Greece (and Spain and Portugal and Italy, etc) used to be able to pay its workers with its sovereign money because it was in control of it. It could afford its old-age pension plans and health care systems because it was paying for them in money that it physically created and had control over. Even if over-production of their sovereign currency to meet sudden economic disasters devalued their currency on the exchange market. So what. At least, they could help their countrymen.
    Today, Greece is like our state of Georgia. Greece is no longer a true sovereign country. The fools gave up their freedom when they adopted the Euro. Ditto Spain. It has no more power over the currency than South Dakota has over the USD. Italy? It’s Indiana. Portugal? Pennsylvania. Etcetera.
    But our 50 states have a federal government protecting their ass, and ostensibly federally elected officials who are supposed to do “fiscal policy” as acts of protection (even if the bastards abdicated that responsibility to the Fed’s monetary policy 30 years ago after buying Greenspan’s manipulative shit to let the markets control the economy. Bill Clinton was such a hayseed fool.)
    We have a federal government. You don’t. Thank your lucky stars you live in Germany at the moment.

  138. MRW says:

    For the “the financial crisis in 2008,” listen to this (really entertaining and informative).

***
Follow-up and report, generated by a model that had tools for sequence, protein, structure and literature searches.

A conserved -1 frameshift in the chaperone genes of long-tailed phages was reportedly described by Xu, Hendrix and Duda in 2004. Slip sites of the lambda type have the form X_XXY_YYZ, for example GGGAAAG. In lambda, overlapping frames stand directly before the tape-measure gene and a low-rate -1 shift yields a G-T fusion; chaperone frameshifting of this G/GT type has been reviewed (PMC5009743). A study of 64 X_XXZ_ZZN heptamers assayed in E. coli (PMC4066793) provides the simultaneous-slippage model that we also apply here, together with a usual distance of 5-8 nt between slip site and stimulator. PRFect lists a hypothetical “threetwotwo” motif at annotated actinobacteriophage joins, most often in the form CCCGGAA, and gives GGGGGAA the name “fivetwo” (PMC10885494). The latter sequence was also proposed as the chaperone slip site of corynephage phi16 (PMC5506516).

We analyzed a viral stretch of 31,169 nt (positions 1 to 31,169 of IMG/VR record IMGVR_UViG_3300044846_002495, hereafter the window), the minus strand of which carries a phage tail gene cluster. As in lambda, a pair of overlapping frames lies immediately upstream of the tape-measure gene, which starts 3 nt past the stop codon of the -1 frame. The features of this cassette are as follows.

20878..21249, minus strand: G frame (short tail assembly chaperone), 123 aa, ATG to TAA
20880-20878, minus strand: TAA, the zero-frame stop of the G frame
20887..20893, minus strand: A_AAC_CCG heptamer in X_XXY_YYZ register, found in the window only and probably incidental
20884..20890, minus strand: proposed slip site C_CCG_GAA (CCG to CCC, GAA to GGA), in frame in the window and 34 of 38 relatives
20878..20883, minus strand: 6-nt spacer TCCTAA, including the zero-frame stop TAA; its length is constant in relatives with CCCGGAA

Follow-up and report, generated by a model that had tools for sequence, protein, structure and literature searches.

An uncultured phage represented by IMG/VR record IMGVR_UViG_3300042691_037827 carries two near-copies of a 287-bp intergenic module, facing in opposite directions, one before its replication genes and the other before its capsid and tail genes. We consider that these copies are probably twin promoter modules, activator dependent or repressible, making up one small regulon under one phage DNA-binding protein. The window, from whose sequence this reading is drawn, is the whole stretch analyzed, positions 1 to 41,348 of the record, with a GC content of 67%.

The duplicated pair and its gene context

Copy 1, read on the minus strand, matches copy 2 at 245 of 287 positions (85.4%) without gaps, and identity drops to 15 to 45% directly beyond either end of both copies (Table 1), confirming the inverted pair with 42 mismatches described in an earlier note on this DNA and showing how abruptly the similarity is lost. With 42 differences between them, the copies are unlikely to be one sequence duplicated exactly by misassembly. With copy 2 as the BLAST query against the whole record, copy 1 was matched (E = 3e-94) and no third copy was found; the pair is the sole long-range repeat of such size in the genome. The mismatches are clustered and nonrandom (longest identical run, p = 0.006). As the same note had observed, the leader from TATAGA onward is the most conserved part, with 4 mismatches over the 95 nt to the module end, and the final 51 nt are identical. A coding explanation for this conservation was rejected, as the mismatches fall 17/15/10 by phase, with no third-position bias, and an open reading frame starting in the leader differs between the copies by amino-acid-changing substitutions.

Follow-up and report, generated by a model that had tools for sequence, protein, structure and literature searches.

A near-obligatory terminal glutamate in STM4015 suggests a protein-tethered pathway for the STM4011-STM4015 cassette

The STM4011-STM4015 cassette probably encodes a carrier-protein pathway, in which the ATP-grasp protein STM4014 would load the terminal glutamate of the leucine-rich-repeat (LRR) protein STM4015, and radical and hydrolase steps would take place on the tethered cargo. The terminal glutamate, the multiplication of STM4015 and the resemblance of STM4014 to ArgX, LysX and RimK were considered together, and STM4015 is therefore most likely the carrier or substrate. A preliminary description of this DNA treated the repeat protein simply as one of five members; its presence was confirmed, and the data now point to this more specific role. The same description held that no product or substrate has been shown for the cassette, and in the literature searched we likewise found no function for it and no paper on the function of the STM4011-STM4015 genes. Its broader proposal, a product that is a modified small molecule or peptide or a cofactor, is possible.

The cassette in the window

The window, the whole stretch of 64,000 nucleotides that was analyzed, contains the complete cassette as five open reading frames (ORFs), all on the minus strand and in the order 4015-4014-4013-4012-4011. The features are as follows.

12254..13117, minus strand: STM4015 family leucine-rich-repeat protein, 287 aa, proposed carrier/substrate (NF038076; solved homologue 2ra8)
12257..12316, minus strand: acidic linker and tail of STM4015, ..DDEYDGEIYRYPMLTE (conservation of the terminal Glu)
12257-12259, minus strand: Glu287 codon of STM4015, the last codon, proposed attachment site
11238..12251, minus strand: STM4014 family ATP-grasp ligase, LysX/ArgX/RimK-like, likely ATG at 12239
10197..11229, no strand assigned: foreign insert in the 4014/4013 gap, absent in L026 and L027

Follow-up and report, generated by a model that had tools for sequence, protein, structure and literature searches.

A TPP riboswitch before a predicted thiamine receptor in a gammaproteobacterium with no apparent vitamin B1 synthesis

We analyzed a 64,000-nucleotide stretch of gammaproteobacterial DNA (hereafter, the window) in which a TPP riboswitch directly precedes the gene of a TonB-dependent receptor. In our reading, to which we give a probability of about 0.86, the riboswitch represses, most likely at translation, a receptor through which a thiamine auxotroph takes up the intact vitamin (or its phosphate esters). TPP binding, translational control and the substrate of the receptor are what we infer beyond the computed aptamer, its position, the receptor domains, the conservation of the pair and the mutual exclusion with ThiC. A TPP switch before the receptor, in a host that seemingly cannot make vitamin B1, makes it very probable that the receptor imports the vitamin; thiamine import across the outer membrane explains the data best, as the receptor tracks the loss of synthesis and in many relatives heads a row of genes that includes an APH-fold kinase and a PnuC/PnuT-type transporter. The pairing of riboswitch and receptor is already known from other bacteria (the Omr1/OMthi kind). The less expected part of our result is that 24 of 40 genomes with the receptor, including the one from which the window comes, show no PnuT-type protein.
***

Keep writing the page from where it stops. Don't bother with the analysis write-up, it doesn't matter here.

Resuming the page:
139. MRW says:

    I understand, the safety somewhat restricts gains or interests. Am I wrong?
    Wrong? You’re just confused.

  140. MRW says:

    How are the Fed’s Fund rates related to the interest on bonds for the average buyer?
    The price and interest rate of a bond are determined at auction. The US Treasury Direct site can explain it.
    When the US Treasury auctions treasury securities off on the open market, the Federal Reserve is barred from buying them. All treasury securities sales are handled by an extremely small group of people called primary dealers, not the Federal Reserve.

  141. MRW says:

    What would happen if we didn’t simply regulate speculation but turn the present system upside down?

  142. Fred says:

    That’s a very effective rebuttal to the need for more immigration in Germany. Thank you for your insights.

  143. Babak Makkinejad says:

    You should have said:
    “Penury for pensioners and prostitution for young women” rather than chaos.

  144. Babak Makkinejad says:

    In regards to the German choice:
    “Cruelty” –
    it might be a predominant national character of that country’s leaders and policy-makers – they did their best to induce hyper-inflation in Iran during the course of EU’s economic war against Iran.

  145. MRW says:

    Babak, OT ALERT
    I trust you don’t live in Iran. If I’m wrong, let me know.
    But if you don’t, are you able to get your mitts on Iranian pistachios? If so, would you reveal the secret source? Eternally in your debt.

  146. MRW says:

    You should have said:
    “Penury for pensioners and prostitution for young women” rather than chaos.

    Nah. They are are merely subsets of the wider devastation that would result. What about the ordinary folk in the middle? We still have 45 million in this country from the failure to regulate mortgage banks (only the Fed can do it; Timothy Geithner should have read the Federal Reserve rules, it was his fucking job) who require food stamps to feed themselves and their children and our august Congressmen think it “christian” and commendable to sneer that if they weren’t so lazy they would have acquired jobs by now.